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  • Writer's pictureKen Phillips

Historic Origins and Cultural Traditions of Charity

Updated: 2 days ago


Introduction

Charity has deep-rooted origins and cultural traditions that have shaped its role in society over centuries. In "Make a Better World," I delve into the historical and cultural foundations of charity, highlighting its evolution and significance. This blog explores these themes, offering a comprehensive understanding of charity's role in human history.


Religious Foundations of Charity

Helping others has a long and honorable tradition in religion and human relations. Buddhism, Christianity, Hinduism, Islam, Judaism, and other religions all share a common perspective on the importance of compassionate and caring action toward others, especially those in need. Here are a few examples of how various religions view charity:

  • Rigveda (Hinduism): “One should strongly resent miserliness and indulge in charity because one can acquire the never-ending wealth of immortality by doing so.”

  • Genesis 28:22 (Christianity): “Then Jacob made a vow, saying, ‘And of all that you give me I will give a full tenth to you.’”

  • Hindu Proverb: “Help thy brother’s boat across and lo! Thine own has reached the shore.”

  • Gautama Buddha (Buddhism): “Thousands of candles can be lit from a single candle. Happiness never decreases by being shared.”

  • Isaiah 58:10 (Judaism): “And if you give yourself to the hungry and satisfy the desire of the afflicted, then your light will rise in darkness and your gloom will become like midday.”

  • Torah (Judaism): “Serve others in a way that helps them become self-reliant (or interdependent) and watch miracles happen for both you and them.”

  • Mark 12:41-44 (Christianity): “This poor widow has put in more than all those who are contributing to the offering box. For they all contributed out of their abundance, but she out of her poverty has put in everything she had, all she had to live on.”

  • Quran 2:215 (Islam): “They ask you (O Muhammad) what they should spend in charity. Say: ‘Whatever you spend with a good heart, give it to parents, relatives, orphans, the helpless, and travelers in need. Whatever good you do, God is aware of it.’”

  • Dalai Lama: “The planet does not need more successful people. The planet desperately needs more peacemakers, healers, restorers, storytellers, and lovers of all kinds.”

  • Pope Francis: “None of us can think we are exempt from concerns for the poor and for social justice.”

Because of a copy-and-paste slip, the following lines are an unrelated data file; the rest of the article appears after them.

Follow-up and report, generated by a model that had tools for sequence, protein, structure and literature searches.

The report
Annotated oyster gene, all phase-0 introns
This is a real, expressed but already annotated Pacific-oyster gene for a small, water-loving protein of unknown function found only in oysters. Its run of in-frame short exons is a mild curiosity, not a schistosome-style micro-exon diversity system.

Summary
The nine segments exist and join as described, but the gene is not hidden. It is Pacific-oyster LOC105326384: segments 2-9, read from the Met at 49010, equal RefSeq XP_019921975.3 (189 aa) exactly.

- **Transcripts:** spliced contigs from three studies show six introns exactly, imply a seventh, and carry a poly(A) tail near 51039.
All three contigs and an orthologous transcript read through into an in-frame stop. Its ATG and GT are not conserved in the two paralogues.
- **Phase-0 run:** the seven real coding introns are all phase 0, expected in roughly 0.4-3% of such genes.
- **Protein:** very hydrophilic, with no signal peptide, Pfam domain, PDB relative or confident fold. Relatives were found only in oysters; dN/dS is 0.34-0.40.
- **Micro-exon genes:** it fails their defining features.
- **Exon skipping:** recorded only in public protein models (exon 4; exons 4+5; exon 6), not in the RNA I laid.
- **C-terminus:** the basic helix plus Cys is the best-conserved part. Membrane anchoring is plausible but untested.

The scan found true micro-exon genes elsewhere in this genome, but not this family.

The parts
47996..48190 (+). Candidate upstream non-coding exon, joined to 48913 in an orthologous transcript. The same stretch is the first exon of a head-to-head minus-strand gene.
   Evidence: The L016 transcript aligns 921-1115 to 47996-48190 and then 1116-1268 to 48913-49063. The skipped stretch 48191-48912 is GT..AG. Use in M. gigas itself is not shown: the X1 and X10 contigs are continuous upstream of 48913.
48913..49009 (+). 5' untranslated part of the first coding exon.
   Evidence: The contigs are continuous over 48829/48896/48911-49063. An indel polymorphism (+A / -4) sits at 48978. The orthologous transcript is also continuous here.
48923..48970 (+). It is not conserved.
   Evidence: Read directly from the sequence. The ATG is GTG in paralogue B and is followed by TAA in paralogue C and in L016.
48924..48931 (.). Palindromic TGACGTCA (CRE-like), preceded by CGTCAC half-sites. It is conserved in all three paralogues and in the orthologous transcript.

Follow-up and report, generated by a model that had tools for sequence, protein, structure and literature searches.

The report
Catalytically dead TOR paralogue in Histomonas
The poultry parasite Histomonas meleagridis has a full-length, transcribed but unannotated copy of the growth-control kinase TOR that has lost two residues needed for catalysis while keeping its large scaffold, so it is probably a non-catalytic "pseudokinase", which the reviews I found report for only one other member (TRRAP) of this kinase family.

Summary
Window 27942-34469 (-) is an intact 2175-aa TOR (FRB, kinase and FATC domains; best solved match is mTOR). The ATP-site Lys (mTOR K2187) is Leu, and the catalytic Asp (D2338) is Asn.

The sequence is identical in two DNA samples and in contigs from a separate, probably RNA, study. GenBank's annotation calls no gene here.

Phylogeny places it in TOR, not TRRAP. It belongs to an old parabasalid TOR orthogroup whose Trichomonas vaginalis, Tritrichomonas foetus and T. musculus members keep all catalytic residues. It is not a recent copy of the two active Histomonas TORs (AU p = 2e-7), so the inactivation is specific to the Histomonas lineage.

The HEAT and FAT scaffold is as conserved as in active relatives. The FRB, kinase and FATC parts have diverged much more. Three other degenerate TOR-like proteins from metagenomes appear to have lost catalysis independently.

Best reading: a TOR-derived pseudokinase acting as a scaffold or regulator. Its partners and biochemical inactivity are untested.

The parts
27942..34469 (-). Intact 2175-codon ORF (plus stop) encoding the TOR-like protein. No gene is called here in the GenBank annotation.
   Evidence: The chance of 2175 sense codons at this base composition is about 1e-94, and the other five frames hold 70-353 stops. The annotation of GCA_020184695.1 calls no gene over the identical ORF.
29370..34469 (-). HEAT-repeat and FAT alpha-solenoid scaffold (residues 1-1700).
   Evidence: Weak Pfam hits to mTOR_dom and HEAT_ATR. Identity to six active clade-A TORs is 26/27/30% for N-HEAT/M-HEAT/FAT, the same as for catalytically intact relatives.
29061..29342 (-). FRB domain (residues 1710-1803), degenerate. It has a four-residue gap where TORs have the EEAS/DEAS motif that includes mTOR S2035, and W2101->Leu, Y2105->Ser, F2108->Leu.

My understanding from these essential religious beliefs is that charity is rooted in caring and love, a measure of our humanity, and a sign of progress in civilization. Individuals who are caring and charitable will be happier and more respected as true followers of their faith and values and contributors to civilization. Based on these teachings, people have long made this a better world for all.


Philosophical and Literary Inspirations

Religious and philosophical underpinnings of philanthropy are important for fundraisers. Nonprofit fundraising can recognize these great traditions by underscoring the history of charity and its value for civilization. Here are a few examples from philosophy and literature:

  • Aristotle: “What is the essence of life? To serve others and to do good.”

  • Confucius: “When wealth is distributed, the people are brought together.”

  • Gandhi: “The best way to find yourself is to lose yourself in the service of others.”

  • Albert Schweitzer: “The purpose of human life is to serve, and to show compassion and the will to help others.”

  • Aesop: “No act of kindness, no matter how small, is ever wasted.”

  • Victor Hugo: “As the purse is emptied, the heart is filled.”

  • Charles Dickens: “No one is useless in this world who lightens the burdens of another.”

  • Leo Tolstoy: “My piece of bread only belongs to me when I know that everyone else has a share, and that no one starves while I eat.”

  • Nelson Mandela: “It is what difference we have made to the lives of others that will determine the significance of the life we lead.”


Cultural Traditions of Charity

Every culture has famous heroes who help others. Caring is a predominant theme in many myths and fairy tales, novels and poems, classic operas, and popular music. Stories inform people about building character and promoting values among their audiences. Today, movies about individuals who fight against evil and oppression against great odds are wildly popular, and these heroes are often everyday people just like you and me.


Benefits to the Giver

Giving provides higher levels of satisfaction. By giving, people receive something vitally important in return. Here is what some of the great minds of the ages have said about this topic:

  • Confucius: “He who wishes to secure the good of others, has already secured his own.”

  • Saint Francis of Assisi: “For it is in giving that we receive.”

  • Booker T. Washington: “Those who are happiest are those who do the most for others.”

  • Kahlil Gibran: “I served and I saw that service is joy.”

  • Erich Fromm: “Not he who has much is rich but he who gives much.”


Conclusion

The historic origins and cultural traditions of charity provide a rich context for understanding its contemporary significance. By appreciating these foundations, we can better harness the power of charity to address today's social challenges. For more insights into the cultural traditions of charity and effective fundraising strategies, visit NGOFutures.com for free resources and access to a 30% discount on my books. Don't forget to repost this blog to spread the knowledge and inspire others!


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